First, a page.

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Earth Technology

Designer Creates a Water Bottle That You Can Eat 171

Diggester (2492316) writes "Rodrigo García González has been working on the Ooho water bottle for the past few years. The bottle is made out of edible materials, looks like a jellyfish, and has the potential to put an end to the bottled water industry. Inspired by the juice-filled pearls added to bubble tea and the mad-cuisine creations of chef Ferran Adriá, who uses a technique known as sheperification (encasing liquid into edible membranes), García is on his way to revolutionizing the bottled water industry."
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Designer Creates a Water Bottle That You Can Eat

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  • Re:Pointless? (Score:5, Informative)

    by shadowrat ( 1069614 ) on Monday April 28, 2014 @09:04AM (#46857923)
    I think edible implies that it's rapidly biodegradable. You are not commanded to eat it. You can throw it away, and if some enterprising sea turtle eats it, it's not big deal.
  • by Junta ( 36770 ) on Monday April 28, 2014 @09:21AM (#46858113)

    The current concept is extremely far from being even slightly practical..

    -It's uselessly tiny
    -They can't make a video where someone manages to drink from it without spilling it all over the place.
    -It's so fragile that it can't reasonably be used on its own.
    -It costs 33% the cost of a gigantic bottle to produce, but contains far less than 33% of the volume of water. Cost per unit of water is way high before ignoring how a plastic bottle can be re-used.

    Basically the only thing it has going for it is that it will break down nearly instantly in trash. The problem is we already have materials from which we *can* make a water bottle from that in fact would probably work better than this concept that already can be friendly enough to the environment. The problem is they still aren't practical and can't be used because they lack the durability.

    This concept is a warm fuzzy with zero value over the current possibilities. It doesn't merely have 'kinks' to work out before it can be used, it's just fundamentally flawed as a concept.

    Bottled drinks are a problem, but this is not going to provide a solution.

  • Re:Contamination (Score:5, Informative)

    by KingOfBLASH ( 620432 ) on Monday April 28, 2014 @09:35AM (#46858245) Journal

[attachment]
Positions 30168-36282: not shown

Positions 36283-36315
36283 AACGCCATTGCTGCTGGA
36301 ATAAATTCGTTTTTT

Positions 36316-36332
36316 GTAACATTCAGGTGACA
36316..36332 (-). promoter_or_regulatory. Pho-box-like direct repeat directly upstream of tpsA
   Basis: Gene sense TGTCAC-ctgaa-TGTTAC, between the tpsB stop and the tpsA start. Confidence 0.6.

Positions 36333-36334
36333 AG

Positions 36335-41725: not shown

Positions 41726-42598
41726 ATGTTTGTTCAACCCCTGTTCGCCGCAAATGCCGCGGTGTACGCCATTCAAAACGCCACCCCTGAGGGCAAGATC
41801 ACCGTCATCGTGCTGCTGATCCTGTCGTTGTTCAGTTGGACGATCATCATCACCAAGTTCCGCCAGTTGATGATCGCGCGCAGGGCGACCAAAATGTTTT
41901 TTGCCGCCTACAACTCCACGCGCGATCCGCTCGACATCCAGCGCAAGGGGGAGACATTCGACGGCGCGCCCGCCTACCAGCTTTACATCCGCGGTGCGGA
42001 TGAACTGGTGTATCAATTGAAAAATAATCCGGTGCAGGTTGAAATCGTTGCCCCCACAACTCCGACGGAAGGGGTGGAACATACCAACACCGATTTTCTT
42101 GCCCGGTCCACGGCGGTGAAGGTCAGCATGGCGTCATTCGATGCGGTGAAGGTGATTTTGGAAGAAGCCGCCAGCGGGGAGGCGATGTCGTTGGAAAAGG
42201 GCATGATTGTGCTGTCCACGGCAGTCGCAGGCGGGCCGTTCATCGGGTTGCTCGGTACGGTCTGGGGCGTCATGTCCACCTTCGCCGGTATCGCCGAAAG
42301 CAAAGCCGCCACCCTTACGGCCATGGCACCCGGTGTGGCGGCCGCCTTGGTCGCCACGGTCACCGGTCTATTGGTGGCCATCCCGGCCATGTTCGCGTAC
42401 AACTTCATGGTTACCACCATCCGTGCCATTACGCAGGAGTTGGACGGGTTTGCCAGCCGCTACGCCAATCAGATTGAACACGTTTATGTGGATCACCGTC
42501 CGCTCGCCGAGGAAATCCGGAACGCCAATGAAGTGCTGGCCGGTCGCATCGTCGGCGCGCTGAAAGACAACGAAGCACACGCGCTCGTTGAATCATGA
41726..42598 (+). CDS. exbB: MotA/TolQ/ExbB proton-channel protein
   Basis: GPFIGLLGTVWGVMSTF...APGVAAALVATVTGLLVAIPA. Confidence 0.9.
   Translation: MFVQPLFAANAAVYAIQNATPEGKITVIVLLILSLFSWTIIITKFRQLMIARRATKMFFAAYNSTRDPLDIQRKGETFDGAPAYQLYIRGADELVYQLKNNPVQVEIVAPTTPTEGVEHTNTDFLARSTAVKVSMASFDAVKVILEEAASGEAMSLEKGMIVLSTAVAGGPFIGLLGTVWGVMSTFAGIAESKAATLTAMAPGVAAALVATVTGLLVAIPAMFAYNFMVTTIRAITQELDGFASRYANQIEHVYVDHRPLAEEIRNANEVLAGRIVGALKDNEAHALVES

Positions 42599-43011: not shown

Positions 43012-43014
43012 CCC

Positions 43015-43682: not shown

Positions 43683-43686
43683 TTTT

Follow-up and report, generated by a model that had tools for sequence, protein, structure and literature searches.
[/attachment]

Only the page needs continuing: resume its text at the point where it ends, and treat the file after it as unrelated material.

From TFA the technique is already in use with some yogurt. You buy a box of yogurt "balls" that are edible, flavored, and filled with yogurt. When you pack your lunch for school or work you simply grab a ball of yogurt out of the box instead of a yogurt in an individual plastic container. Presumably the box is easier to recycle then the plastic containers.

    This is interesting in the sense that it generates LESS waste and the waste it generates is biodegradable. The "container" is something from brown algae so I guess you could just compost the thing, much like an eggshell...

  • Re:Pointless? (Score:3, Informative)

    by kruach aum ( 1934852 ) on Monday April 28, 2014 @09:46AM (#46858357)

    Salt is edible but not bio-degradable.

  • Re:Huh? (Score:5, Informative)

    by causality ( 777677 ) on Monday April 28, 2014 @11:49AM (#46859917)

    BPA is harmless. It's toxic at levels far above normal intake and concentration in the blood. BPA-Free polycarbonate now uses BPS, which is exactly as toxic as BPA but leaches at a rate 20 times that of BPA. It breaks the toxicity barrier with gusto, so enjoy your new toxic world.

    Water bottles are most often PET or LDPE. These plastics aren't made with BPA or any analog.

    It's not just humans. You may find this interesting [] to read, as well as this []. Male fish are definitely not supposed to have female characteristics.

    As far as humans are concerned, you may find this an interesting read []. It indicates that humans may be more susceptible to such endocrine disruptors (like BPA) than previous studied using rodents initially indicated.

    So then we're back to what constitutes good decision-making. Fact: I have no overriding reason why I absolutely must use containers made with BPA. Fact: not only are alternatives to such containers readily available, I also happen to like them better for aesthetic and durability reasons. Conclusion: exposing myself to BPA is an unnecessary risk.

    Still, if you think it's harmless you are free to continue using it. At one time people were told (by doctors no less) that cigarettes were beneficial. Now if I had some dire need (as in my life and well-being absolutely depended on it) to use BPA-containing plastics, perhaps I'd take my chances. But I don't.

Nothing ever becomes real till it is experienced -- even a proverb is no proverb to you till your life has illustrated it. -- John Keats